I’m a professional journalist and that means I try to refrain from expressing my opinion on issues in the news. I want my audience to trust that I can have a conversation with anyone that’s fair and unbiased. But no modern journalist pretends to be completely objective. We acknowledge, these days, that human beings have experiences and perspectives that color the way we see the world. We try to acknowledge these perspectives and yet move forward in our coverage in as even-handed a manner as we can, giving fair treatment and equal time to all sides.

I don’t make public policy. My job is to gather information, fact check it, and present it to the audience as objectively as possible so that they can make up their own minds.

I’ve had any number of discussions on the Confederate flag and I think I’ve found new respect for those who fly the flag, in some cases. I understand the deep connection to ancestors and history, and I empathize with the impulse to honor tradition.

That said, as a private citizen and as a mixed race woman whose ancestors were slaves on a Georgia plantation, it’s time to put that flag away.

Listen to a special "On Second Thought" about the Confederate flag's place in Southern culture and society at large hosted by Celeste Headlee:

There’s a reason we don’t display the swastika. That’s out of respect for our Jewish brethren for whom it will forever be a painful reminder of horrible torture, death, and terror. There’s an entire branch of my family gone from our family tree because of the Holocaust. By the same token, my family tree was equally devastated by slavery.

That flag is a reminder, to me and my family, of people who were willing to tear apart this country, kill and die, to defend a way of life that depended on slavery in order to continue. The Southern heritage it represents is a plantation system that could only work because of the free labor of slaves. That’s the only way Southerners could afford the big houses and big hoop skirts and mint juleps on the porch, by bleeding their slaves and forcing them, through cruelty and torture, to work their fields, clean their houses and sew their clothing. That’s what I think of when I see that flag. That’s the image that goes through my mind when the Confederate flag is flown: my great-grandmother raped by multiple white men and then watching while her children were sold away.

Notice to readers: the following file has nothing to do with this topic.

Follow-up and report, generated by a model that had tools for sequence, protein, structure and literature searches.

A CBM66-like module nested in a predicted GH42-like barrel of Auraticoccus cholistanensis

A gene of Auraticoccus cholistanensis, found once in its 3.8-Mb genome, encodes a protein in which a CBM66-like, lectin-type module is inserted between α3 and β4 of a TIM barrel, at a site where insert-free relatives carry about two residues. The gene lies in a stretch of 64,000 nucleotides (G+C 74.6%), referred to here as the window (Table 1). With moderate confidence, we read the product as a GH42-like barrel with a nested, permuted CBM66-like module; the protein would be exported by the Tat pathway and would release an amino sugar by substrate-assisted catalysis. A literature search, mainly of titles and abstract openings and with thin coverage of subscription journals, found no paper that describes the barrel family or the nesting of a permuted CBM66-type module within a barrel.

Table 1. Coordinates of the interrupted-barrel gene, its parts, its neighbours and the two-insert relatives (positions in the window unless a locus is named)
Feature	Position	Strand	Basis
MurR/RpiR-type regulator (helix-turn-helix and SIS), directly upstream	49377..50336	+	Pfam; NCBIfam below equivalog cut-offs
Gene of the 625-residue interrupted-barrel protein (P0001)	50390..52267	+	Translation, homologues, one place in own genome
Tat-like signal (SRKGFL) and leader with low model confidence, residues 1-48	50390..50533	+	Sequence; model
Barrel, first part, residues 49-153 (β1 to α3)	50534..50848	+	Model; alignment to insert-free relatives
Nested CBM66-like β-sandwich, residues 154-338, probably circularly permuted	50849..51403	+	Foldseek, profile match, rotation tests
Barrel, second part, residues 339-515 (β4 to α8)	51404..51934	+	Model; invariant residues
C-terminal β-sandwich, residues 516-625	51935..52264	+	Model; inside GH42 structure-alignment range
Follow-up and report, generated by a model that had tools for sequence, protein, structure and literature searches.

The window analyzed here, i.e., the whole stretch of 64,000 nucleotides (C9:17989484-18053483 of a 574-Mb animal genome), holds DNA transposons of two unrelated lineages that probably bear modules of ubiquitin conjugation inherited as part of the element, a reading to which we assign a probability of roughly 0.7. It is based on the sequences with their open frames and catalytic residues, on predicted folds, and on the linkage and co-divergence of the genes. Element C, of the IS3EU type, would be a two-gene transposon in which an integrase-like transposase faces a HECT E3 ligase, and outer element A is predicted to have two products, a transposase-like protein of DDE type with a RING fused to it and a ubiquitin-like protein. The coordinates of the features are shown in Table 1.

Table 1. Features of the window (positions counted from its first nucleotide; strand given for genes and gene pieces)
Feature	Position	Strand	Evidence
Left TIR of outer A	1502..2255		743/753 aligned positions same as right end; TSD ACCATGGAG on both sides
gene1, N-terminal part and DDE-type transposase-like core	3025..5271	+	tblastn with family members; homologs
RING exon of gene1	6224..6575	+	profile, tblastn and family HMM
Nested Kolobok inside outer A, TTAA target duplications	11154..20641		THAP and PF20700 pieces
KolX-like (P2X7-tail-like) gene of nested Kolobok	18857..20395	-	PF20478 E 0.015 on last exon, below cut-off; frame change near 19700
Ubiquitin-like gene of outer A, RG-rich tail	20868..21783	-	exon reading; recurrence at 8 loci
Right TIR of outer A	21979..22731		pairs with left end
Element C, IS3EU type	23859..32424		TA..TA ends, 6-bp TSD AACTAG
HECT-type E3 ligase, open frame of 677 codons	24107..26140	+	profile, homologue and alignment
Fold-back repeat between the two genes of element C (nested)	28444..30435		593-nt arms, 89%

It’s easy to be flippant about symbols when they don’t have emotional baggage for you. But this is not about “being offended.” This is about finally, finally, acknowledging the incredible harm this country did to millions of its civilians and showing some freaking respect for the pain we’ve inflicted upon them. The fact that the Confederate flag is only now coming down in some places is a testament to how powerless blacks have been for so long in this country. It’s a hateful, painful symbol for us. Have some respect.